Last evening, the Arroyo City Fire Department responded to a gas leak from the cathodic test station across from Chili Willie’s. The residents of Seaview had been suffering the nauseating smell from this leak for four days. Repeated calls to Texas Gas had no effect, apparently Texas Gas does not maintain the lines despite being the gas supplier. It ended up as a classic case of buck-passing. Eventually 911 was called and the Fire Department was dispatched. Firefighters found the leak and shut off the gas supply. Their prompt action avoided what might have been a serious tragedy. Had the wind abated and the gas accumulated, the results could have been devastating. Shame on Texas Gas and their contractors for taking our money and not providing any service. Their inaction is criminal and put peoples’ lives in danger. It seems to us at Arroyo City News that we should be better served by our Utility companies – this is America, not some 3rd world banana republic. Hang your heads Texas Gas, your service is despicable.
For what it’s worth, the following is an extract from Texas Gas website on what to do if you suspect a gas leak. Our advice is to ignore them and simply call 911 – your Fire Department will respond long before Texas Gas.
If you smell natural gas, leave the area immediately and then call Texas Gas Service at 800-959-5325 or 911.
Natural gas piping can be above ground, adjacent to structures, or above buildings. Be alert for sounds, sights, or odors that indicate a possible leak.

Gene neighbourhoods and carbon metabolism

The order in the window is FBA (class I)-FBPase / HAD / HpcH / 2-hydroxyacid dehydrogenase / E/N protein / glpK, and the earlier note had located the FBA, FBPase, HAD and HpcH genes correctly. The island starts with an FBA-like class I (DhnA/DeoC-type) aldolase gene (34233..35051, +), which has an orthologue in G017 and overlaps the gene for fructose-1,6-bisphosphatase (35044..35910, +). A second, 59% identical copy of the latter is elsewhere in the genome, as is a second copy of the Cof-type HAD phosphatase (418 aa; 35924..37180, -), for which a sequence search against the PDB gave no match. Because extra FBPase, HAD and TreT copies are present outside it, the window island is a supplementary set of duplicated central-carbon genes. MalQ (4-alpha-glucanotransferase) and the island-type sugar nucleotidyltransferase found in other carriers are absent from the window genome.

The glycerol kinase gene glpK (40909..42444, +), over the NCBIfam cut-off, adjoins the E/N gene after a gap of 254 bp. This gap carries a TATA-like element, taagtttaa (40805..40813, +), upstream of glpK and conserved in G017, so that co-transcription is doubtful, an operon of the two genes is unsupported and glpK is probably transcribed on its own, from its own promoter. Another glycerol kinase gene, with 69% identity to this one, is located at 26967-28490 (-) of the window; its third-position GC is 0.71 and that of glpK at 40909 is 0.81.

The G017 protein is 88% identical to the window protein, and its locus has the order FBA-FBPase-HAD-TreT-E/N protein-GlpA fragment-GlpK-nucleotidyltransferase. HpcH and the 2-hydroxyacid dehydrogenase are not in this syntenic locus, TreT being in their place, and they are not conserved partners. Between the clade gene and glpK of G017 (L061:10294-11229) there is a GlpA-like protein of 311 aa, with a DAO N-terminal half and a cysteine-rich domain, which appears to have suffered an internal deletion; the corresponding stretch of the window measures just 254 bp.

In its natural state you cannot smell natural gas, so Texas Gas Service adds a chemical called mercaptan, which has a strong pungent sulfur-like or rotten eggs odor to warn you if a natural gas leak is present.
- If you smell even the faint odor of mercaptan or hear a hissing noise, leave the area immediately and notify others to do so as well. Notify others in person, not by phone or text.
- Do not operate appliances, lights, phones (landlines or cell) or electrical equipment if you smell natural gas. Electrical currents from these devices can spark an explosion.
- After you leave the potentially affected area, call at 800-959-5325, or 911, to report a natural gas leak. Do not use email, our website or social media to report a natural gas emergency.
- Stay away from the building until an official familiar with the situation tells you it is safe to return.
- Once your natural gas has been shut off, do not try to turn it back on. For your safety, only a qualified technician may perform this task.
If you are near a natural gas pipeline or meter, these tips can help you recognize a natural gas leak outdoors.
Look. Listen. Smell.
Use Your Eyes (Look)
If you notice any of the following there may be a natural gas leak:
- Dirt or water blowing into the air;
- Standing water continuously bubbling;
- Unexplained dead or discolored vegetation, such as brown patches in your yard, around your meter or along a pipeline; or
- Dry spots in a moist field.
Use Your Ears (Listen)
If you hear a loud roaring or high-pitched hissing sound, there may be a natural gas leak.
Use Your Nose (Smell)
If you smell an odor that has the distinct scent of sulfur or rotten eggs, there may be a natural gas leak. Do not rely solely on your sense of smell. Use all your senses to determine if natural gas is present.
If you detect a natural gas leak outdoors:
- Leave the area immediately.
- Abandon any equipment being used in or near the area.
- Warn others to stay away from the leak.
- Move in an upwind direction away from the leak and maintain a safe distance.
- Call Texas Gas Service emergency phone number at 800-959-5325 or 911.
Your local emergency authorities know what to do in this situation. Texas Gas Service will work with local authorities to minimize and eliminate any hazard.